Finland’s Basic Income Trial Brings Happiness But No Jobs

February 11, 2019 by Kate Leaman

The Universal Basic Income (UBI) structure has long been floated around as one of the answers to supporting those less fortunate among a country’s citizens. Though it does seem a bit ambitious, UBI is being seriously considered by a lot of governments. Finland implemented a limited form of it as an experiment to see how things would turn out. It has been close two years since the experiment was rolled out and the results are in – though they are not encouraging.

The idea behind UBI is that citizens are paid a monthly basic income no matter what they are doing. The idea of paying people a basic income despite whatever they are doing has long been around – the first time it was suggested was more than 500 years ago in Sir Thomas More’s book “Utopia.”

Since then, thinkers have been trying to develop a strategy that could be implemented. A popular variation for it is “universal basic services” wherein people are given basic services like education and healthcare for free. Right now, UBI is being tested out in Kenya, while the Netherlands and Italy are studying their options.

Kelakanava

The program in Finland was a bit different since it focused on those that are unemployed. For the Finnish program, 2000 unemployed Finns were paid a basic income from January 2017 to December 2018. The amount was set at €560. The idea behind it was that the money was supposed to help support these individuals as they looked for work or depended on gig economy jobs.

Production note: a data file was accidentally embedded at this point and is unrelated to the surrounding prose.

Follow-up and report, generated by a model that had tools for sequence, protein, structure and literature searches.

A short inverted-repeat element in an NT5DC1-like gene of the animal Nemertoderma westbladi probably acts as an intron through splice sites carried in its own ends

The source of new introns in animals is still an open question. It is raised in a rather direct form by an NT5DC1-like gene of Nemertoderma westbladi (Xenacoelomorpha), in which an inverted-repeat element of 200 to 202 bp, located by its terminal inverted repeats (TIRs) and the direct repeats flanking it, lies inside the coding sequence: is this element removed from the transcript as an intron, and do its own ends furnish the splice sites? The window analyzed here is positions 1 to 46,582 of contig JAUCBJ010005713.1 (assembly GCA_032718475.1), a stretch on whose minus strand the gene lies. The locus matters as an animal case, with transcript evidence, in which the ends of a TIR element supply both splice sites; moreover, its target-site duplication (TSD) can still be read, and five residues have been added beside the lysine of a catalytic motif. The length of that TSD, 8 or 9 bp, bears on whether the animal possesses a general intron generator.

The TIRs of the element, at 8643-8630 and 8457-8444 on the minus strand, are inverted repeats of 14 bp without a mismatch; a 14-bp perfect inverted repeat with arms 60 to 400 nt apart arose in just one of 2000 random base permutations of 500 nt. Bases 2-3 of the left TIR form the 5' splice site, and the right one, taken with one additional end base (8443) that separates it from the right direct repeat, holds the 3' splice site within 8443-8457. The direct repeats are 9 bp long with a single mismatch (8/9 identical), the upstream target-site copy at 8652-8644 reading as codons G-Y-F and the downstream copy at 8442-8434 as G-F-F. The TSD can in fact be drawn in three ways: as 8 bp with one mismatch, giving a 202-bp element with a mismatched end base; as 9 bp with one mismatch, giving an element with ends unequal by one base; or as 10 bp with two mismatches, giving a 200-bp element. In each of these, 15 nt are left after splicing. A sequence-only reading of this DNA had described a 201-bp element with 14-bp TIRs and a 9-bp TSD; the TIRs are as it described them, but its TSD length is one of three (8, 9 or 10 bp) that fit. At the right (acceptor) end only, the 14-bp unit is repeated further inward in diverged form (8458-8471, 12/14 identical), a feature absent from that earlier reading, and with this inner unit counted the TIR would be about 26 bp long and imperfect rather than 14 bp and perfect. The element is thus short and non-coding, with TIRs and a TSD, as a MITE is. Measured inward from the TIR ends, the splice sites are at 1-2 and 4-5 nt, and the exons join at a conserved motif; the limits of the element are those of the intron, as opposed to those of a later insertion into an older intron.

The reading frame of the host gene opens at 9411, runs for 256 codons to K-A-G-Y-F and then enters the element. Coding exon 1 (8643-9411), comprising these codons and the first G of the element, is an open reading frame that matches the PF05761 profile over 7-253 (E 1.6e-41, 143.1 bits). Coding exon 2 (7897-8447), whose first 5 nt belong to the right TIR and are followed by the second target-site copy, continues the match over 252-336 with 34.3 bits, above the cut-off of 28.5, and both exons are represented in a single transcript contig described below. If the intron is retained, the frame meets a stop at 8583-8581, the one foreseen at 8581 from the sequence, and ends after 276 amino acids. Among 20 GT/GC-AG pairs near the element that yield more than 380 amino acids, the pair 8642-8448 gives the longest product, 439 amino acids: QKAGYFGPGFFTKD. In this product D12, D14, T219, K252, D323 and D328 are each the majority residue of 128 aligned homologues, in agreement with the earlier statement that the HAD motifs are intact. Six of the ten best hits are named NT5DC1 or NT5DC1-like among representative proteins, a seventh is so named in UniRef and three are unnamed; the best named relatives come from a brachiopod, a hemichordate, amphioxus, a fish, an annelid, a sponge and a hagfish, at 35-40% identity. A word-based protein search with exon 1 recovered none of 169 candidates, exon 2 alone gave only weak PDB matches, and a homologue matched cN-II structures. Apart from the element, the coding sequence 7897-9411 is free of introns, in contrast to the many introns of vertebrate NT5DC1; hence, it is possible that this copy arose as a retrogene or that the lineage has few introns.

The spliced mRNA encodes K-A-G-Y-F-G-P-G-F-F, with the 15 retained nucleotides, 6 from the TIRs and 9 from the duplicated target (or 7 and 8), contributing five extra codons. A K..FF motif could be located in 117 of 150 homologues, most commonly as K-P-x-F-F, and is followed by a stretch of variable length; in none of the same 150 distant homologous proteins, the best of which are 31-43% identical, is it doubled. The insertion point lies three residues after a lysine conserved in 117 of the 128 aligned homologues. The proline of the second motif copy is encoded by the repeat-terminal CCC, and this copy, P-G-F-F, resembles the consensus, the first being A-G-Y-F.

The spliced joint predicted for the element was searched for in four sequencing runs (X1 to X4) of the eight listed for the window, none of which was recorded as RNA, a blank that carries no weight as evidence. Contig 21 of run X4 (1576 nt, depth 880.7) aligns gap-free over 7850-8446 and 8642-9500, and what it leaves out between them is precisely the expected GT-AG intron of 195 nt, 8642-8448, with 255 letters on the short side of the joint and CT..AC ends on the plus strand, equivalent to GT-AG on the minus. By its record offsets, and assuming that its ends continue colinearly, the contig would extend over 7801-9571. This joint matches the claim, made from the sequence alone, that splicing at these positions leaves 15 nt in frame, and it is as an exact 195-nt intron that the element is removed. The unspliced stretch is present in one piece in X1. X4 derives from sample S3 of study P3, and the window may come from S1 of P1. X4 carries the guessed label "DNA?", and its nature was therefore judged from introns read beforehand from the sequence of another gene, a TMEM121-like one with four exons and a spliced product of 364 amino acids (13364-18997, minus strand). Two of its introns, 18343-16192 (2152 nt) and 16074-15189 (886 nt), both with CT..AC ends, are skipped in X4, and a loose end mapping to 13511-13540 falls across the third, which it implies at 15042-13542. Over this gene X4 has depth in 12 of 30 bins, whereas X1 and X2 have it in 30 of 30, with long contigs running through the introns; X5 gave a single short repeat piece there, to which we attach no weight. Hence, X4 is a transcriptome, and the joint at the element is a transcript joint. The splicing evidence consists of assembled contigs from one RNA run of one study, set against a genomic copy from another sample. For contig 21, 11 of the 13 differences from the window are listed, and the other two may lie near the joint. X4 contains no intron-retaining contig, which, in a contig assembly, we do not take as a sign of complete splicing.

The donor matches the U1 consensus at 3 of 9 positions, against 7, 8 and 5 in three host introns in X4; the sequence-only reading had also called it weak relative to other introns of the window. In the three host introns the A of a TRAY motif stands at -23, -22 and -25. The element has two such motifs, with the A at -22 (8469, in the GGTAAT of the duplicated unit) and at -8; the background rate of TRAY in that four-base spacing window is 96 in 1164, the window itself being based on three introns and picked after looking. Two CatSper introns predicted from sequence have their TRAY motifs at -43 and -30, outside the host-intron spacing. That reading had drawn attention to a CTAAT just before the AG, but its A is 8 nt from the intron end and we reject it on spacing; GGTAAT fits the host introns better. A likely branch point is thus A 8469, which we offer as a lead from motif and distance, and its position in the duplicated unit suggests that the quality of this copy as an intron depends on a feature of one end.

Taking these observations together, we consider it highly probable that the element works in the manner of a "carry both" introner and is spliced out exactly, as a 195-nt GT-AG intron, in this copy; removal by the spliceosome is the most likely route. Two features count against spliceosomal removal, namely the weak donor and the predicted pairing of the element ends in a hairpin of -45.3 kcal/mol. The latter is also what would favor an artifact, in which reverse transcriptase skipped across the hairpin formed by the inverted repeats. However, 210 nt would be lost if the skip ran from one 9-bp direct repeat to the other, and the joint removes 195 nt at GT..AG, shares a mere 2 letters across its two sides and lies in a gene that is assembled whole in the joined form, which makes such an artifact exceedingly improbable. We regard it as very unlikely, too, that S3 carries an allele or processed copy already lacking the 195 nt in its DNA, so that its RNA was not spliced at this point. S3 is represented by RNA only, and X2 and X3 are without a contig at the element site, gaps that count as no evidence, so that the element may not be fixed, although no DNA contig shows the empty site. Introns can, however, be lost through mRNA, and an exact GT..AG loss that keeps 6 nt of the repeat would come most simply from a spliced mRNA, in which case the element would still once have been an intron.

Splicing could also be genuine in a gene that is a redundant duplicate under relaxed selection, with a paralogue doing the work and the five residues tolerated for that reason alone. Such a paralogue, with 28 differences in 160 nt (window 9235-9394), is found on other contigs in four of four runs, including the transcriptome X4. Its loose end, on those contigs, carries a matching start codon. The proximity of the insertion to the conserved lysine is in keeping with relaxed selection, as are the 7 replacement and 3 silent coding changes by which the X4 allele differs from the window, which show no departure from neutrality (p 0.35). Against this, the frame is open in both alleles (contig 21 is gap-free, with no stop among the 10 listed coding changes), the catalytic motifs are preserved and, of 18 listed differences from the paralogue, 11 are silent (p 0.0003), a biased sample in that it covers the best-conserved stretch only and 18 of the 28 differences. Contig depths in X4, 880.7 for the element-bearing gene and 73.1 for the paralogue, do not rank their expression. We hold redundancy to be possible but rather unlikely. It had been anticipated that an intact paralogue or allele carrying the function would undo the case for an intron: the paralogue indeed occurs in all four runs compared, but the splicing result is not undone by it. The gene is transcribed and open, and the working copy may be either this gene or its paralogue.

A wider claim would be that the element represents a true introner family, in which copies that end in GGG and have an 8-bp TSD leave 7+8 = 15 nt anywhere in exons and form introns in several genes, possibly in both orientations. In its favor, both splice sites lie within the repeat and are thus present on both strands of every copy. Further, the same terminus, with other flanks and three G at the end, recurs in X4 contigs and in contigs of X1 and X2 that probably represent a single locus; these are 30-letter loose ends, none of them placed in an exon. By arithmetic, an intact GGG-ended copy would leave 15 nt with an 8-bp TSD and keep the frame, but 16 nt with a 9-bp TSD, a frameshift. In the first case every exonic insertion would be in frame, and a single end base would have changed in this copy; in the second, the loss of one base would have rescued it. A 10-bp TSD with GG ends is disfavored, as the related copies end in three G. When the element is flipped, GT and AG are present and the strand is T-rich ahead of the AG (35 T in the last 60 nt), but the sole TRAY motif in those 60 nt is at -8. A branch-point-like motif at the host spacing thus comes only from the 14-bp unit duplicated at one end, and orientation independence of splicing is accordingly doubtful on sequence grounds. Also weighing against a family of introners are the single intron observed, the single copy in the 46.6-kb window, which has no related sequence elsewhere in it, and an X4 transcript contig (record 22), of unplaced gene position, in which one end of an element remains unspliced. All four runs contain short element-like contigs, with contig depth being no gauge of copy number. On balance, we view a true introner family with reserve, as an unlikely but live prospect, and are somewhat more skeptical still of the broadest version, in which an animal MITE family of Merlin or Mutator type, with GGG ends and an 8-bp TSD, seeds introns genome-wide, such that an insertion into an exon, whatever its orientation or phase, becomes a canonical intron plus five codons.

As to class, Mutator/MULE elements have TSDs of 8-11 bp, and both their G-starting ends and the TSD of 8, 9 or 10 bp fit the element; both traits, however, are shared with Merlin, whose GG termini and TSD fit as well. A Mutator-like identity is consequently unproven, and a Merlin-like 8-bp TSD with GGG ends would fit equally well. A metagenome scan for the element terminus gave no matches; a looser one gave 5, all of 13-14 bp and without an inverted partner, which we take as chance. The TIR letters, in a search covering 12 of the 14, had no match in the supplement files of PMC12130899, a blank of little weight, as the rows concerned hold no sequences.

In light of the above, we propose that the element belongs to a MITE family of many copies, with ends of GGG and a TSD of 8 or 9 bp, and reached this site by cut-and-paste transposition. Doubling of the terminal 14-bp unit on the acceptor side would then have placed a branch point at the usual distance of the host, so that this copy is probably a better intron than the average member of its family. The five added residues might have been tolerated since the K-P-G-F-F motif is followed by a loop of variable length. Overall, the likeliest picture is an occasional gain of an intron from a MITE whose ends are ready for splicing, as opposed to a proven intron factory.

The Results

However, the results of the experiment are a bit uneven. Supporters of the idea behind UBI believed that the safety net would allow those who are unemployed the time to safely look for new jobs without any pressure on them. Alternately, they could use the time to learn skills that they would use as a way to get a new job in another industry.

The trouble is that it doesn’t seem to have resulted in the expected outcome. Among the 2,000 recipients of the UBI, unemployment rates stayed the same when compared to the control group that did not receive any UBI. Researchers are baffled by these results and are trying to figure it out for the final publishing of the report in 2020.

The other goal of the UBI was to increase people’s happiness through this program and on this front it seems to be an unqualified success. People who received UBI had less stress and were generally happier, though they were still unemployed.

Kate Leaman

Kate Leaman Author

Kate is our resident cryptocurrency expert, she will be guiding you through the rise of new digital coins as well as providing insights of what's to come and what to avoid going forward..

Comments are closed.